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Army private offers lesser plea in WikiLeaks case

Associated Press Modified: November 8, 2012 at 4:31 pm •  Published: November 8, 2012
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The plea offer, if accepted, could shorten the trial if the government wouldn't have to spend time proving Manning actually leaked the documents, said Washington attorney Michael Navarre, a Navy judge advocate and adviser to the National Institute of Military Justice.

Navarre said a guilty plea could also lead the judge or sentencing jury to view Manning in a favorable light.

"One of the goals of accepting responsibility is to curry favor," Navarre said.

The hearing continued Thursday on a defense request to have the case dismissed because Manning has not been given a speedy trial. It has been two years and five months since Manning's arrest. His arraignment came 635 days later, far in excess of the 120-day rule. Coombs contends military commanders rubber-stamped all prosecution requests for delays and improperly excluded other periods from the speedy-trial clock.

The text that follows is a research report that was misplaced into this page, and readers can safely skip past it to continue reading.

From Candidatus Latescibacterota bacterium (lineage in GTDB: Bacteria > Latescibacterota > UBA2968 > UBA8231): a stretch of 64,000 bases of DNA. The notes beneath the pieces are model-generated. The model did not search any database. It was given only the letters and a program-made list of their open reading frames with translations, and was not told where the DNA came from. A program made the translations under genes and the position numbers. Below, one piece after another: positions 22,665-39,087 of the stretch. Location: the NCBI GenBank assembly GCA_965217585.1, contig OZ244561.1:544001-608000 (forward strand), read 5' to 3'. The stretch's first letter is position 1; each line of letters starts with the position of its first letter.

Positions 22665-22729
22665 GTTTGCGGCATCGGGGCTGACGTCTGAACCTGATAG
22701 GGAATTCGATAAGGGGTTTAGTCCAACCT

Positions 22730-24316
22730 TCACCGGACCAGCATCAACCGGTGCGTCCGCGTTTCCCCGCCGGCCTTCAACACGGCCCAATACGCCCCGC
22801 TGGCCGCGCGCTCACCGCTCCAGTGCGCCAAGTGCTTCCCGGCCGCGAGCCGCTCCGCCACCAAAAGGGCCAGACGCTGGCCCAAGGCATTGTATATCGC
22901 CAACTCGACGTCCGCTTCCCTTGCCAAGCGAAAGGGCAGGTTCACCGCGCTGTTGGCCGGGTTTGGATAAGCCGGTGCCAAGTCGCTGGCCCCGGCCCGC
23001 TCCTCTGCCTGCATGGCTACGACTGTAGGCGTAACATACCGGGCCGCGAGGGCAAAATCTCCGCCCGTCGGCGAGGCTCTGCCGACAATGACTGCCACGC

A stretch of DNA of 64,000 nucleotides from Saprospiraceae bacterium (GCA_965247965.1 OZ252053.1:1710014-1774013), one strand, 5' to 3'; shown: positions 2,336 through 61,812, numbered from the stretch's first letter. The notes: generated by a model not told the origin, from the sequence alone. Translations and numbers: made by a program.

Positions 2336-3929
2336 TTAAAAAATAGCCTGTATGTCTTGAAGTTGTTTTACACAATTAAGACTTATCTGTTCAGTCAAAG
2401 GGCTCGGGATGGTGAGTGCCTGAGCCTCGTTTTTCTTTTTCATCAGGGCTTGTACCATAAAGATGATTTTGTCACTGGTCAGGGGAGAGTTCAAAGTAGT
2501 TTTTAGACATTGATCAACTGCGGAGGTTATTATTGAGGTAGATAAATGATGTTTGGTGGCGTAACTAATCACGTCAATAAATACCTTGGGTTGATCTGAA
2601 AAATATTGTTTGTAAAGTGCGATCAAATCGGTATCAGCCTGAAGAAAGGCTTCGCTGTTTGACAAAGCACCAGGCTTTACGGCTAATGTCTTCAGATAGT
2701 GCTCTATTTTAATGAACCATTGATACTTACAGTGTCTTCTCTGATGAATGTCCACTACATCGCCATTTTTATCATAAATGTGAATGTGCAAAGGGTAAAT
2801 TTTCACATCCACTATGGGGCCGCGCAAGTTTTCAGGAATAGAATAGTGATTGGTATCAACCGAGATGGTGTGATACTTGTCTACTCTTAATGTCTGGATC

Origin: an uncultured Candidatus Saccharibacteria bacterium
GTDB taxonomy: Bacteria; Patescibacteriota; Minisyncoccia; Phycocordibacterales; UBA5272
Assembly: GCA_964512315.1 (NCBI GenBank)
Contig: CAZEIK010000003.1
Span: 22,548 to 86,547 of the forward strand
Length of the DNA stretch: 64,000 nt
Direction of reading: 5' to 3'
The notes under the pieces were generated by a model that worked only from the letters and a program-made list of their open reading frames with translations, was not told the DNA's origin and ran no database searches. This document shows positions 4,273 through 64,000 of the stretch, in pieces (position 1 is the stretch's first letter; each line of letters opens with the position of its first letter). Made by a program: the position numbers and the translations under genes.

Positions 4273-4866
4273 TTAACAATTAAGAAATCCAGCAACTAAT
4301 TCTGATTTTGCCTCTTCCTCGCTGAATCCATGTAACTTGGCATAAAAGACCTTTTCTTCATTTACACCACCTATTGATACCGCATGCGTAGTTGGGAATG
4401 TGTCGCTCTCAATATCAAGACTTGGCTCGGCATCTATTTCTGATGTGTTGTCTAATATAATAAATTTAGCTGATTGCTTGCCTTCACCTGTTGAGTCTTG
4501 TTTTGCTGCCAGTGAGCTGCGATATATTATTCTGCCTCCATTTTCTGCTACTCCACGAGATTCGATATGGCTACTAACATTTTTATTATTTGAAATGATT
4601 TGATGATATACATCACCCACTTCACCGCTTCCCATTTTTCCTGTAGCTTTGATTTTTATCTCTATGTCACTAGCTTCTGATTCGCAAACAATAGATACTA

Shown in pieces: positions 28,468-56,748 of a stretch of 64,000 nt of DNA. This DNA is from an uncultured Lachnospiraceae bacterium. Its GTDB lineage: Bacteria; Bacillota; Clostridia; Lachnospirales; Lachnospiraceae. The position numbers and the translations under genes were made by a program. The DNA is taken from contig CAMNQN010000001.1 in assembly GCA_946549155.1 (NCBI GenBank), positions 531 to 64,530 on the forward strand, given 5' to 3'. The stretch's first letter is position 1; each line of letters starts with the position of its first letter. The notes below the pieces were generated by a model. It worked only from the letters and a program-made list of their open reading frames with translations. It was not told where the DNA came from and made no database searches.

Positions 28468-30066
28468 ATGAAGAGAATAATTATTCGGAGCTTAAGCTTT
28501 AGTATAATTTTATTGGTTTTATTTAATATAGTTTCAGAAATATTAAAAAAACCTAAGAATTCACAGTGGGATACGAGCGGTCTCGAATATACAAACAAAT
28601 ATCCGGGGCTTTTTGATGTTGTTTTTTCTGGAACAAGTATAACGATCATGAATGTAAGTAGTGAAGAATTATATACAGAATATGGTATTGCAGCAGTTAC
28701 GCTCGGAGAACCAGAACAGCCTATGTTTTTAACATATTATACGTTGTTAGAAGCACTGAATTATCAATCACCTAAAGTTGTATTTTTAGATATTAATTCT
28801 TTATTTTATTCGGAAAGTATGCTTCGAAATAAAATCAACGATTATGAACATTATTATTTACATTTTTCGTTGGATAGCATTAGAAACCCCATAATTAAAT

Army Col. Carl Coffman Jr., who approved those early delays, testified for the prosecution that they reflected the sensitive nature of the material Manning was accused of leaking. Defense psychiatric experts had to gain security clearances, and classified documents containing possible evidence had to be reviewed by their originating agencies, Coffman said.

He said those measures were meant to ensure that the proceedings were fair and thorough.

"We considered the rights of the accused from the beginning," Coffman said.

The speedy trial issue will be litigated further at upcoming hearings.